According to ESRB, this game contains: Animated Violence 

For parents, I don't think I'd recommend Front Mission 3 to anyone under the age of 14 (especially if they prefer quick action games and don't care for the techno-thriller plot). Not only does the game make very mature overtures about war and politics, but the story does get to be very long and convoluted. Also worth noting for all is that this is one heck of a long game. The back of the CD case brags that it provides 150 hours of gameplay in order to complete both senarios (which are surprisingly different in terms of plot and characters). I, for the most part, concur with that timing.

Hardcore strategy fans are going to find the weak enemy AI (artificial intelligence) and loose tactical elements in Front Mission 3 to be a little too "lite." Though there are ample oppuntunities at making personal configurations and modifications to a players team of Wanzers.

Role-playing game (RPG) fans and more casual gamers will be more at home with the less mentally intensive approach to battles and the long-winded epic sweeping oh-so RPGish storyline.

Chi Kong Lui

Chi Kong Lui

In the 1980s, Chi grew up in small town on the outskirts of New York City called Jackson Heights. Latino actor, John Leguizamo referred to the town as the "melting pot of the world," and while living there, Chi was exposed to many diverse cultures, as well as a bevy of arcade classics such as Pac-Man, Space Ace, Space Harrier and Double Dragon. Chi's love of videogames only seemed to grow as his parents finally caved and bought him an 8-bit Nintendo Entertainment System (after being the only kid in the block without one). In the 1990s, Chi finagled his way into the prestigious Fiorello H. LaGuardia High School for the Performing Arts.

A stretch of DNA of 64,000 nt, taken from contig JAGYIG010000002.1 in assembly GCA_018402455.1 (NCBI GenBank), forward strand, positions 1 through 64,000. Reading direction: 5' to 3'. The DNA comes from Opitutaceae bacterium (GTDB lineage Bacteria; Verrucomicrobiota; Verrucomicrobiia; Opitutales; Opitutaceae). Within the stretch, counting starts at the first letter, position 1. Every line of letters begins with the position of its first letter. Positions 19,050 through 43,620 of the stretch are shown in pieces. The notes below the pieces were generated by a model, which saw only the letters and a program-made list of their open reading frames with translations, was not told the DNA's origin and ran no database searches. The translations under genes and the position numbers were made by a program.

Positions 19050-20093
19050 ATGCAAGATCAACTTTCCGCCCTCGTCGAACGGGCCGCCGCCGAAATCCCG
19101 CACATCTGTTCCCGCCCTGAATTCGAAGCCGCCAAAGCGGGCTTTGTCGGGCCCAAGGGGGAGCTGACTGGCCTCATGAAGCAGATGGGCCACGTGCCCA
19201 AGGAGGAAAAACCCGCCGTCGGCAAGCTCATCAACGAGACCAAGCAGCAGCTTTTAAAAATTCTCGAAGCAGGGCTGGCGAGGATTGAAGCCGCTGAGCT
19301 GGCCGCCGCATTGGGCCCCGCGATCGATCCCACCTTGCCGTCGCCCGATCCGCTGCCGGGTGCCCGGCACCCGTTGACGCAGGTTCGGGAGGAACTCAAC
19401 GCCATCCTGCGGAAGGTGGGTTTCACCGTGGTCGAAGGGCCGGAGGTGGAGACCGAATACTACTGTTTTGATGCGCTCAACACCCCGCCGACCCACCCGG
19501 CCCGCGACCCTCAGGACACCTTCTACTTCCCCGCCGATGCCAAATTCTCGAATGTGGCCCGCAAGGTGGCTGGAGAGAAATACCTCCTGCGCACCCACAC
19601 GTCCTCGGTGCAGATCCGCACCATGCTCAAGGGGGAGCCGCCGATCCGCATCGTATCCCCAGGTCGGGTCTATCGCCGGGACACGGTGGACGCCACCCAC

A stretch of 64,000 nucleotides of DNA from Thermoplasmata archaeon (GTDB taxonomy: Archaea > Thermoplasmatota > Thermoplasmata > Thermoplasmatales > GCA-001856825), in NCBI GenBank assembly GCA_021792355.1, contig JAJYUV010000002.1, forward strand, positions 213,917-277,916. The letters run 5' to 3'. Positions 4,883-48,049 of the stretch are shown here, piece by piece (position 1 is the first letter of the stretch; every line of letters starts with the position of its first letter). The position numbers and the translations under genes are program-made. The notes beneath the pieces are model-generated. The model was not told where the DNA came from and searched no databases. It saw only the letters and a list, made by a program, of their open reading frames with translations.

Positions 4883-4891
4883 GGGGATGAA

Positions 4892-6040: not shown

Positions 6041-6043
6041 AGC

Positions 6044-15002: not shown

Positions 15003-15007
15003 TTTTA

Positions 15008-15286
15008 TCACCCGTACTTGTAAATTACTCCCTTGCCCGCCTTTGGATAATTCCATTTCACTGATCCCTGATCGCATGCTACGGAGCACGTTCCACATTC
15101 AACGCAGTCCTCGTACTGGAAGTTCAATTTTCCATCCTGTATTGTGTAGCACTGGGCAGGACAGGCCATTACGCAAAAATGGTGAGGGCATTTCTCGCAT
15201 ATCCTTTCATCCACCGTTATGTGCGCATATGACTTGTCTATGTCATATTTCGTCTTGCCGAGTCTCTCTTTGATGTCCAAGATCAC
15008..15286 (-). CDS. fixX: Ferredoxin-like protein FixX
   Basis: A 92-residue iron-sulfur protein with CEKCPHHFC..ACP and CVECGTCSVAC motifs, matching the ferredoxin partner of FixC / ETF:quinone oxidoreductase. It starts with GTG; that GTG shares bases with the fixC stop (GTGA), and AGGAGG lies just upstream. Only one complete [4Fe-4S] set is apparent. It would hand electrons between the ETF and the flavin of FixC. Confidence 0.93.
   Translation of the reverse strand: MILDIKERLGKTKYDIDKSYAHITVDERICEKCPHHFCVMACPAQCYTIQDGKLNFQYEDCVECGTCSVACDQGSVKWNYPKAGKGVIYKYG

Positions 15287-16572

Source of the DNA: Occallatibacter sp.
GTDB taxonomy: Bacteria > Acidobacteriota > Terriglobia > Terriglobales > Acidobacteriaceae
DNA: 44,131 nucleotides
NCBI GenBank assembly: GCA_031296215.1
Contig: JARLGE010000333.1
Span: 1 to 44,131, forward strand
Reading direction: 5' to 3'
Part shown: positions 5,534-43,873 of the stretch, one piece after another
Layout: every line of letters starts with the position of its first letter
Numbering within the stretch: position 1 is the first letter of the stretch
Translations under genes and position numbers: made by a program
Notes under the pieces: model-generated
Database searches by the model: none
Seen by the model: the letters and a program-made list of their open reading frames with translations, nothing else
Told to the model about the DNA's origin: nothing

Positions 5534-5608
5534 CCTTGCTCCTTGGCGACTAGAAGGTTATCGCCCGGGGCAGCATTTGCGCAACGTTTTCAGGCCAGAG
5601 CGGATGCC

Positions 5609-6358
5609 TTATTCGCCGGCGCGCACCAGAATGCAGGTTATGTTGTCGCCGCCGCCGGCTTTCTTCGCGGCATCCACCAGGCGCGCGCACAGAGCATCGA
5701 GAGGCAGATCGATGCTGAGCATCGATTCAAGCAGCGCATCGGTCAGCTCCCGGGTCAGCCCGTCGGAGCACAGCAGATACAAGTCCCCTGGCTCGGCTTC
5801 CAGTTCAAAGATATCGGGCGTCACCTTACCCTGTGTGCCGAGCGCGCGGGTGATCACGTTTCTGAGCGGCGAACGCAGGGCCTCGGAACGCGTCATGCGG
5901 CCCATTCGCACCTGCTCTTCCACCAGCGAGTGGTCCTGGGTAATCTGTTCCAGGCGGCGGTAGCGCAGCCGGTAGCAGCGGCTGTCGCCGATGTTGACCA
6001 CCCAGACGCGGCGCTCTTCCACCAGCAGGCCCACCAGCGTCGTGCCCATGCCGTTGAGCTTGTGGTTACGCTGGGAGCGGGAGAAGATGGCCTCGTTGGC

Somewhere between all the gaming, Chi some how managed to finish high school and get into the New York Institute of Technology. At the same time, Chi also interned at Virtual Frontiers, an Internet software consultancy where he learned the ways of HTML. Soon after acquiring his BFA, Chi went on to become the lead Web designer of the Anti-Defamation League. During his tenure there, Chi was instrumental in redesigning and relaunching the non-profit organization's Web site.

Today, Chi is the webmaster of the American Red Cross in Greater New York and somehow managed to work through the tragic events of September 11th without losing his sanity. Chi considers his life's work and continues to be amazed that the web site is still standing after the recent dotcom fallout. It is his dream that will accomplish two things: 1) Redefine the grammar of videogames much the same way French film critic Andre Bazin did for the art of cinema and 2) bring game criticism to the forefront of mainstream culture much the same way Siskel & Ebert did for film criticism.
Chi Kong Lui
Notify of
Inline Feedbacks
View all comments